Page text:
OK, I lied. I won't track you down, I'll just have you killed. I have a busy day coming up.

Read THIS BOOK. Read it. Today.

It sounds like they had you in mind when they wrote it.

My favorite book. Of all the books I have read in 57 years.

RTFM. Jimmy James is spot on.
posted by FauxScot at 11:09 PM on April 21, 2011 [7 favorites]

The Artist's Way has some very useful and practical exercises for overcoming stoppages like the one you're experiencing. There were two in particular that really helped me when I was feeling the way you're feeling now, although the book is full of them.

The first thing is to do something every single day for a set amount of time/to a certain word count, because then it becomes about the quantity and act instead of the quality of the work, and as you do that, you get into the groove and get in a lot of practice, and suddenly you realize you love what you're producing. The book suggests doing "morning pages", a big brain dump every day where you write out three pages (750 words is a great online resource for this).

The second is to make a list of all the things your inner critic is saying, like actually write it down, and then write out the counterpoints. It is shocking how many negative things I casually say to myself in my head, or how many negative assumptions I was holding...and that was even during times of massive productivity and creative thoughts.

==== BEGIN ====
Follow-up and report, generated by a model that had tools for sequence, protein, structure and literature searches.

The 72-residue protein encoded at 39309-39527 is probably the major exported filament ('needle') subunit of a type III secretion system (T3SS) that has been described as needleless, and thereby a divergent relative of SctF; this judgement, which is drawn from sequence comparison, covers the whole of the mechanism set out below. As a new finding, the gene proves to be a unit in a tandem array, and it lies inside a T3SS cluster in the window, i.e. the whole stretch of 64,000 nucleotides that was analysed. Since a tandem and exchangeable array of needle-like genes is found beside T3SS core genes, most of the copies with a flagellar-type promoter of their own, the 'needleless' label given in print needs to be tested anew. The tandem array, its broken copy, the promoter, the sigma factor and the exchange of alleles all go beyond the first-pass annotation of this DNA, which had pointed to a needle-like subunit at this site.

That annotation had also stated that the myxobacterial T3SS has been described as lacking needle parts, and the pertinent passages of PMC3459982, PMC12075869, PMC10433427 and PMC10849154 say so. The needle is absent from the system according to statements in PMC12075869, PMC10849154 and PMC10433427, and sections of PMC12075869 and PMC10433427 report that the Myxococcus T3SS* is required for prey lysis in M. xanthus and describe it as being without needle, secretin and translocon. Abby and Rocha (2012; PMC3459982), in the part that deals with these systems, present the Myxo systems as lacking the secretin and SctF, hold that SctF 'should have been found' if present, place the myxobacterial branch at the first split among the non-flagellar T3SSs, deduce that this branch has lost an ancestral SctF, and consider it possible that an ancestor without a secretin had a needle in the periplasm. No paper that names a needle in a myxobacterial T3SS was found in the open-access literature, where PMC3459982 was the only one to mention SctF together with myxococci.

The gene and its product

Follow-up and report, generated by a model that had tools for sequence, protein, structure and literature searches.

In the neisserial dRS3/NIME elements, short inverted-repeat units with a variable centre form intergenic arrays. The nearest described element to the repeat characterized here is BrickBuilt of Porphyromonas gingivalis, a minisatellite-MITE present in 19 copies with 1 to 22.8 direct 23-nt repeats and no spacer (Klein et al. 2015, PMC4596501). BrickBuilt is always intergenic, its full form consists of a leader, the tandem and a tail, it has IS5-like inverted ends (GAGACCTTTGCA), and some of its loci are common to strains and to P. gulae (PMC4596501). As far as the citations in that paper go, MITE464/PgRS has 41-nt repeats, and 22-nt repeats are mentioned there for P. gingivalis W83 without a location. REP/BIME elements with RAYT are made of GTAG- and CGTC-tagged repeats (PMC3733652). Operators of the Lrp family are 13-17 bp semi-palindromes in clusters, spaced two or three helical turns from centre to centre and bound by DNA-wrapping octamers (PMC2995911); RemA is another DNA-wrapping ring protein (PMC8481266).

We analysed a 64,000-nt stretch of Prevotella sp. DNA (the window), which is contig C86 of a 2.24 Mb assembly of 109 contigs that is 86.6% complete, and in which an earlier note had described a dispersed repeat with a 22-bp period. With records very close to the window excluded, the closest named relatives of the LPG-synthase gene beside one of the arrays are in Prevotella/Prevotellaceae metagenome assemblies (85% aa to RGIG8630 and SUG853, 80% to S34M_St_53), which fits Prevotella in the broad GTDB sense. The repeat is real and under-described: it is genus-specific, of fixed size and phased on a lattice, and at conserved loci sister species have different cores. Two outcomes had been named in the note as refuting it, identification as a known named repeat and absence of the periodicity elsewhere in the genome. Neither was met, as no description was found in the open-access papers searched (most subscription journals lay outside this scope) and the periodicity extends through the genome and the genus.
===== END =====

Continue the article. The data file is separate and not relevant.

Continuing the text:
Anyway, I liked that book a lot because it had practical exercises with tangible results.

I think also that this is something every artist struggles with from time to time, so don't be too hard on yourself, especially when it was obviously that dude's problem and not yours in any way.
posted by lhall at 11:29 PM on April 21, 2011 [1 favorite]

Any teacher/academic who goes out of their way to publicly shame a student's work SUCKS and IS an abusive asshole. I would feel the exact way you feel now if I were in your position. You are not unjustified in feeling the way you feel.

I am also an emerging artist / student and experienced art school shame. I studied a year in a very competitive design program but dropped out and switched majors for a contempo art history based cultural studies program (less studio critiques to endure). I totally know that feeling of shame brought on by academic criticism. It's very debilitating. I feel for you.

I see some great things happening in this situation. The fact that the dean singled you out to over-criticize your work yet the program now incorporates concepts from your thesis might be suggesting something. At face value it may feel as if you were beat up and robbed, which in a sense you may have been. But in this case you were the educator. The dean is someone who is used to their position of power as educator and institutional leader and arguably will fight to maintain that. When he considered your thesis it's very possible he saw its intellectual potential and was threatened by its depth or skill and reacted against that by shaming you in public. It does not validate his terrible behavior, but it does highlight the fact that you made something of value.